- Man shot by police ID'd; witness shares his side of story (2/17/17)31
- Panda Express restaurant coming to Cape's Siemers Drive (2/14/17)2
- Golden Corral nearing opening; soft open scheduled for Monday or Tuesday (2/12/17)8
- Settlement reached in accidental shooting case at Kelly High (2/15/17)10
- Jackson board votes to demolish high school building if bond issue passes (2/15/17)24
- Cape officer shoots man inside a home (2/16/17)7
- Southeast reports three confirmed cases of mumps; more cases possible (2/14/17)1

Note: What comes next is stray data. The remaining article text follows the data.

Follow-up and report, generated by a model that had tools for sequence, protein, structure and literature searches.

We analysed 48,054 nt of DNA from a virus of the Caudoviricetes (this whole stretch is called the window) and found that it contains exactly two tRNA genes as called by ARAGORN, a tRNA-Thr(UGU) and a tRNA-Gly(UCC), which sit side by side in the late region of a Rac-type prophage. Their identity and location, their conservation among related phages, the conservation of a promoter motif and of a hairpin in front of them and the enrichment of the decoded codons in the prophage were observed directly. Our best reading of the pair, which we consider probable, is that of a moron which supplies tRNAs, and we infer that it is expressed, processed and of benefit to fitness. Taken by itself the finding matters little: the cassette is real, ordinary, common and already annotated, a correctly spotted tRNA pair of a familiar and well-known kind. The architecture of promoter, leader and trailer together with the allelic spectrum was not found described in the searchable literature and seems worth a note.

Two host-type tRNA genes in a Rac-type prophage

- Right to Work and Taxes (2/10/17)
- Man dies after being shot by officer; said to have come at cop with knife (2/16/17)29
- Former Cape cop indicted on possessing child porn (2/17/17)
'Inalienable' has a precise meaning
To the editor:
I'm an old man. When I was in the third grade, we struggled through the Palmer Method of penmanship, copying in ink such important documents as the preamble to the U.S. Constitution. I have no idea how many times we wrote the phrase "inalienable rights," so you can imagine how I feel watching TV, reading newspapers and magazines or having a politician or a gaggle of university Ph.D.s discuss our "unalienable rights."
While "unalienable" is a word, it was not used in the preamble. Perhaps "inalienable," derived from the French word meaning "that may not be taken away or transferred," was used because the French had helped us gain our freedom from the British.
IRA J. HUDSON III, Mound City, Ill.